The BBC’s director-general, George Entwistle, has resigned over the broadcast of a Newsnight report about child sexual abuse, which led to allegations being made online about a Conservative peer.
Entwistle, who has been under fire in the media since news of the Jimmy Savile abuse scandal broke at the end of September, delivered a brief statement at Broadcasting House earlier this evening in which he declared that “stepping down” would be the honourable thing to do.
He said: "In the light of the fact that the director-general is also the editor-in-chief and ultimately responsible for all content; and in the light of the unacceptable journalistic standards of the Newsnight film broadcast on Friday 2 November, I have decided that the honourable thing to do is to step down from the post of director-general.
“The wholly exceptional events of the past few weeks have led me to conclude that the BBC should appoint a new leader.”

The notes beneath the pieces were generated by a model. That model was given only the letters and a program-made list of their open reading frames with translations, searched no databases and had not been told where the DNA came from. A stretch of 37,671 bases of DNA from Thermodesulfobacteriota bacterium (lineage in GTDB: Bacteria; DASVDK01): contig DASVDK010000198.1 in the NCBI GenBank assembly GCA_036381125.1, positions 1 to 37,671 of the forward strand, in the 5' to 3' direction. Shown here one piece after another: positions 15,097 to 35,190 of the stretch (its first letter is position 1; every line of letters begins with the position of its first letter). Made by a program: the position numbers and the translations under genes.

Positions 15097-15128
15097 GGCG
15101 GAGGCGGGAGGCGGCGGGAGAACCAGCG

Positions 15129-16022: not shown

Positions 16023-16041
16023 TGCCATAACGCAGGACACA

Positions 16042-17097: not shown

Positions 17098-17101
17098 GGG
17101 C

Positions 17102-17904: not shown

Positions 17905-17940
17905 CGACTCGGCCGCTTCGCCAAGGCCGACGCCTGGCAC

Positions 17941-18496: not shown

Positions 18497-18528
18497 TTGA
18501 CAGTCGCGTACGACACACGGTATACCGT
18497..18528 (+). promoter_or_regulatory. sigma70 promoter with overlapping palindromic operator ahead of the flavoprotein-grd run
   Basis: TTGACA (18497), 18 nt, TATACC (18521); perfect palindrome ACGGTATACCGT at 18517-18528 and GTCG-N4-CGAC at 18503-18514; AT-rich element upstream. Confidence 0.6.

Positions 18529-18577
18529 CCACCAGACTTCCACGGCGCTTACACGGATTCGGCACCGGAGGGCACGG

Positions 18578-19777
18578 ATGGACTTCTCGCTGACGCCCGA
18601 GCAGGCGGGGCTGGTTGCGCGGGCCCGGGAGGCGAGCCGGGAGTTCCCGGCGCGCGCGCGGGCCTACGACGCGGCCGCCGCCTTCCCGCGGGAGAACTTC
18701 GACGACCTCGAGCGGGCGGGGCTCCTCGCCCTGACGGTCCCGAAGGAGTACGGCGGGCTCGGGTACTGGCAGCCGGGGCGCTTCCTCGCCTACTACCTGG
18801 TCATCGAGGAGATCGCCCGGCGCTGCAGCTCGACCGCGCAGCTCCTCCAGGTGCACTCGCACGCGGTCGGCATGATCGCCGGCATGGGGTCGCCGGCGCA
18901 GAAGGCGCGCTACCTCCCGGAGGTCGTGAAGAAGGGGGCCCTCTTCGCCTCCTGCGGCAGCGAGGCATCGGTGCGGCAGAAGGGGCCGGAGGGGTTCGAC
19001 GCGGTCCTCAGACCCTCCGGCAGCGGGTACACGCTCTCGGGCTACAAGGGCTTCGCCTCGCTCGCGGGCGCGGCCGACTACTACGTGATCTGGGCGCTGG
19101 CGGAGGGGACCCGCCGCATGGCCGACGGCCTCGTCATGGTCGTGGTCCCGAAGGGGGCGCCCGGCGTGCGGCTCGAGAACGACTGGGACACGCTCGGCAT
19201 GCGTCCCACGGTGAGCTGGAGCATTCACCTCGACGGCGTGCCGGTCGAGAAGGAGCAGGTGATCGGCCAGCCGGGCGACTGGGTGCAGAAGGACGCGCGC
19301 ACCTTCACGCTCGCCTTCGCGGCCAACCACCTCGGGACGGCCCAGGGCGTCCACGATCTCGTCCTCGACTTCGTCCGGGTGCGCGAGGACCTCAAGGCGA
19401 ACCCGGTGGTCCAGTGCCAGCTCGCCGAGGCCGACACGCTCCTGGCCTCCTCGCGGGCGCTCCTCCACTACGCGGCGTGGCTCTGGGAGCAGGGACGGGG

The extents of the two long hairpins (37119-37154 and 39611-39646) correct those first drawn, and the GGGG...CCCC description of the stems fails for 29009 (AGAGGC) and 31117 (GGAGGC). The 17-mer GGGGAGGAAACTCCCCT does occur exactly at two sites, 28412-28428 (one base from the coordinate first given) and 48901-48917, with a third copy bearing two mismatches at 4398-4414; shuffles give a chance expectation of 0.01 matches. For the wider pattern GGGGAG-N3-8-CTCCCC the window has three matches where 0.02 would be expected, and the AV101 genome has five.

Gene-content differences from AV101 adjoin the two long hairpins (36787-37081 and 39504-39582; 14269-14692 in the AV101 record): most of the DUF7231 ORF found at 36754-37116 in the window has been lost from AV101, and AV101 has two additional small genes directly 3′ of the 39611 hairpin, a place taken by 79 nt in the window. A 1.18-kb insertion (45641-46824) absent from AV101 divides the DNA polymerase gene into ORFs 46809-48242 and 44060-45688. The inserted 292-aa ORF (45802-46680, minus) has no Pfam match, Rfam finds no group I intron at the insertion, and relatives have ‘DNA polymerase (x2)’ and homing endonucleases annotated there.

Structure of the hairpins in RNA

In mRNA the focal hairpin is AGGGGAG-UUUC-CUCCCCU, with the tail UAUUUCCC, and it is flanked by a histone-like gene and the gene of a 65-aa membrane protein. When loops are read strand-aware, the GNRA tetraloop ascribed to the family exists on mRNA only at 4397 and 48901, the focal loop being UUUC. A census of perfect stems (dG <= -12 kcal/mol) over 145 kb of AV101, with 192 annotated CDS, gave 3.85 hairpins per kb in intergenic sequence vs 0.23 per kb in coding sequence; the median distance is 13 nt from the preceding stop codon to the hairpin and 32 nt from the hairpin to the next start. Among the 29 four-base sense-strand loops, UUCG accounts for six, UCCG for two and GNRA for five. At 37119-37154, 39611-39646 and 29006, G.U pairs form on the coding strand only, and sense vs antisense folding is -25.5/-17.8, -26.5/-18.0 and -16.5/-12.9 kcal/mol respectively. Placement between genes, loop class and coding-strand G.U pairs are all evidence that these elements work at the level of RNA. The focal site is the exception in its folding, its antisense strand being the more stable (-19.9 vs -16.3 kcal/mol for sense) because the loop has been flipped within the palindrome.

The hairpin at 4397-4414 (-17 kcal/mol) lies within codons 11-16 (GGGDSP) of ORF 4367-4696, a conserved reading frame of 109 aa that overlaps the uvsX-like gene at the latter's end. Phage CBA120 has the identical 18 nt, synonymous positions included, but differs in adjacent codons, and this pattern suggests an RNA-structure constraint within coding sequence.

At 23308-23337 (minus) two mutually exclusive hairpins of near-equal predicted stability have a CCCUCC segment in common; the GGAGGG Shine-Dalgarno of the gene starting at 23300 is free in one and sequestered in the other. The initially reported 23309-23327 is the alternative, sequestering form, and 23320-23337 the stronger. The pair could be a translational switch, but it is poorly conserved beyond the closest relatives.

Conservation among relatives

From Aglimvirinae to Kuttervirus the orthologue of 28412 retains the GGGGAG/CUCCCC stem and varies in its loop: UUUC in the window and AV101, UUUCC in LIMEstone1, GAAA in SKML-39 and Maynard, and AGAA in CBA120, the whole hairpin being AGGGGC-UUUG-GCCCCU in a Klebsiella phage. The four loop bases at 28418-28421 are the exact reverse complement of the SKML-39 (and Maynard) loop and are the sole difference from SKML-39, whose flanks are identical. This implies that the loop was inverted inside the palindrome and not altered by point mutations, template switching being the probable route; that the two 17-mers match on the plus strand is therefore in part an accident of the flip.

The BBC was forced to issue an apology on Friday after Steve Messham, who was questioned on Newsnight, admitted that he wrongly identified Lord McAlpine as the man who abused him in a Wrexham children’s home in the 1970s.
While Newsnight did not directly identify Lord McAlpine, the peer has said he intends to sue the BBC because its report led to him being identified on the internet.
Entwistle continued: "To have been the director-general of the BBC even for a short period, and in the most challenging of circumstances, has been a great honour.
"While there is understandable public concern over a number of issues well covered in the media – which I'm confident will be addressed by the review process – we must not lose sight of the fact that the BBC is full of people of the greatest talent and the highest integrity. That's what will continue to make it the finest broadcaster in the world."
Tim Davie, who was appointed as chief executive of BBC Worldwide last month and was due to take up the post in December, has now been made acting director-general of the BBC.